Before Padawan and I were assigned to the on-going mission of caring for the needs of our friend Rose, I was completely ignorant of all things related to cancer. Oh sure, both my grandmothers were afflicted with the consuming disease, as well as several dear friends of our family. However, the extent of my knowledge was that cancer is, as my father calls it, "the big C"...basically a death sentence.
Interestingly enough, my maternal grandmother had colon cancer - which is what Rose is battling. She was able to have surgery and radiation which managed to put her into remission for a whopping 15 years. Definitely a testament to early diagnosis and treatment. She actually did not die of cancer, but of old age.
My paternal grandmother suffered with mouth cancer, which was such a shame. She had always said she wanted to live to be 100 years old. She had a zest for life that I have inherited, I'm happy to say. She was always doing something; creating, laughing, talking...living. From the time she was diagnosed, through the surgery that disfigured her lovely face, to moving in for home care with my parents, I believe she lasted about a year or so...maybe two. And yes, it took her. A fact that she was none too pleased about, I can tell you.
But this mission is taking me to a whole new awareness of cancer and it's treatment. I've been to radiation appointments and sat in the "infusion" room. For Rose's treatment, we take her on Mondays every other week for four hours of the toxic drip, attaching her to a tree of bags and tubes, then again on Wednesdays for another hour. She lays uncomfortably in the reclining chair, snacking on popcorn or veggies, despairing her lot. I definitely feel my lack when she asks questions I cannot answer, makes statements for which there is no response. We've despaired along with her, forever trying to infuse her with our own concoction of hope, love and faith. I am sorry to say that we have not been as successful as I would have liked.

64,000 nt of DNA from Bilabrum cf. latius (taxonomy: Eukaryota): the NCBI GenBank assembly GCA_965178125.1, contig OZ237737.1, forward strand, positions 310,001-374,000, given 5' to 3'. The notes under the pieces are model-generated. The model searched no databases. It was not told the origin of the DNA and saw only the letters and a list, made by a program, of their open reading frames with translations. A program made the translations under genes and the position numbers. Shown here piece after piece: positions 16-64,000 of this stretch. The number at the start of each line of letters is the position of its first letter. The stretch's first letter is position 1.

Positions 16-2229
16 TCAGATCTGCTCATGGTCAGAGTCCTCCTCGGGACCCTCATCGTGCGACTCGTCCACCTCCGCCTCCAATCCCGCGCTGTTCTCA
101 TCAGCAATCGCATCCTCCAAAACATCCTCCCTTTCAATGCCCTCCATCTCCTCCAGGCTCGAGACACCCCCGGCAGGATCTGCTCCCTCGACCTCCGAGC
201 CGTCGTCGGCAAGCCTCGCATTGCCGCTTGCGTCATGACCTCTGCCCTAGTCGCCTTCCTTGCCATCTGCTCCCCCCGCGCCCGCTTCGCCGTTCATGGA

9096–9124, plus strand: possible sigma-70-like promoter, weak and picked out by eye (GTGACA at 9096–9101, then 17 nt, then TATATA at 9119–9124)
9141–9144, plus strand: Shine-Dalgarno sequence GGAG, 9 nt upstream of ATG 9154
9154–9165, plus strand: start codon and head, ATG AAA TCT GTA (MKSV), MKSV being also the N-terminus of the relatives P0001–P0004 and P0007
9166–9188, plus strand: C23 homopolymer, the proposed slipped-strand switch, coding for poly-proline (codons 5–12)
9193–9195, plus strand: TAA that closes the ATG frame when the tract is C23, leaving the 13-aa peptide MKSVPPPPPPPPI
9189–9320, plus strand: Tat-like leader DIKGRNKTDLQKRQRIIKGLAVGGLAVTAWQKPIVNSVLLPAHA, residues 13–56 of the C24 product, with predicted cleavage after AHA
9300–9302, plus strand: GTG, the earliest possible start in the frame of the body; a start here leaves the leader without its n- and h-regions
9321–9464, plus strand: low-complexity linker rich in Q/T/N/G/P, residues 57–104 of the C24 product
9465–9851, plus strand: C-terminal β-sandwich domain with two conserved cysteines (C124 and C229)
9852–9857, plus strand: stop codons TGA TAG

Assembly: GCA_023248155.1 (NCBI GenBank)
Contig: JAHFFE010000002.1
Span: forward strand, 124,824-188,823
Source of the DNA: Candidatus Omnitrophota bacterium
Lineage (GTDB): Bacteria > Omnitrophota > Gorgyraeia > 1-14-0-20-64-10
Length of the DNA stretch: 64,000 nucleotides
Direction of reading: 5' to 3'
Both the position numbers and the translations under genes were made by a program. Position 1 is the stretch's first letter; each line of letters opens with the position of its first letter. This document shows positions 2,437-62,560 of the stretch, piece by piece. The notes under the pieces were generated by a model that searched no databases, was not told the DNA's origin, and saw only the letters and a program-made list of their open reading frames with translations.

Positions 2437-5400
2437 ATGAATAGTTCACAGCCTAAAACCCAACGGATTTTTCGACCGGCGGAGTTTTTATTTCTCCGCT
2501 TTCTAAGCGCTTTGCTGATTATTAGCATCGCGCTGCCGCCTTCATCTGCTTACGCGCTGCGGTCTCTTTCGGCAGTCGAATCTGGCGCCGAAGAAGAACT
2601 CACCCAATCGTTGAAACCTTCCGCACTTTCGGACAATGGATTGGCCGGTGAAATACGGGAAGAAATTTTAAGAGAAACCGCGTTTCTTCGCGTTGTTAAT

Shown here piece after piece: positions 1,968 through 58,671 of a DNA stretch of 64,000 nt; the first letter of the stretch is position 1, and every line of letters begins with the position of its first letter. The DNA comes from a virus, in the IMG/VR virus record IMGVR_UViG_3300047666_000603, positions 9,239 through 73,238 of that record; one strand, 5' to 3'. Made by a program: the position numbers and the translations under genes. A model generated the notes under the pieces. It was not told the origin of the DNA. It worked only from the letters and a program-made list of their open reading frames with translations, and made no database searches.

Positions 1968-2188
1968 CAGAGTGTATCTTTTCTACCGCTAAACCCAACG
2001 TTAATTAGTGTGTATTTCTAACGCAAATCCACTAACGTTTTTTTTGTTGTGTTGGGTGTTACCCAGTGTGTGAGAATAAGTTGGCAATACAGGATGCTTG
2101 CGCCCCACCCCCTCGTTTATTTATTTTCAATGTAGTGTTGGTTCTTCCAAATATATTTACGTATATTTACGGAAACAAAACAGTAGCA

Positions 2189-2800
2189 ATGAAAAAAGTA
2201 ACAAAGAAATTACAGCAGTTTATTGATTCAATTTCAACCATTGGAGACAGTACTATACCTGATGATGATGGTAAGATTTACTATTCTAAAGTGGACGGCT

There are lessons to be learned while one sits in the infusion room. Lessons of relationship, humility and mortality. I have observed couples of many years gently banter back and forth as they struggle their way through the process and groups of friends gathered around another giving friendship and support. I have witnessed the brave faces of beautiful souls going through the process a second time after enjoying a time of blissful remission. Those brave faces hide the pain, disappointment and resignation of the inevitable. I have felt the overwhelming compassion well inside of me, driving me to fight tears at the sight of total strangers who are dropped off to sit alone for their treatments, as guarded nurses go about their duties.
Oh yes, lessons learned from watching the nurses, as well. They must, at some point, make the startling realization that they have to protect themselves from getting attached to the personal stories that each station is holding. A wall they must build to prevent the assured break-down that comes with the passing of a patient, a familiar face, a new friend. You can almost see the barrier, taste it in their actions, feel it in their aloofness. They work in a room of death every day, but they are not stressed...at least it doesn't show. To be able to compartmentalize is a skill, indeed, and they have mastered it well. And as much as they keep themselves at a distance, their patients try to draw them out, begging for personal interaction in their time of need.
The infusion room demands you to embrace humility, it is true. The contrast between health and the lack thereof is startling and stark. I am humbled at the gift of health, and have made new resolutions to do what I can to preserve my own. I have wished at times that I could give my health to those that are so sick...my heart breaks for them, for their situation. I strive not to let fear take hold of my reason; no, not every little twinge is cancer declaring war. Would I be able to accept it as bravely as these sitting in the chairs? A lesson in acceptance and faith, that would be.
Facing mortality. That is the ultimate lesson of the infusion room, I believe. Everything dies, this is true, and we will leave this earth sooner or later. How we face that truth reveals a lot about who we are, affecting how we treat each other, how we love and give of ourselves.
As difficult as they are, I am grateful for these lessons. I am honored to serve and will continue to do so until the mission is complete...however that might be.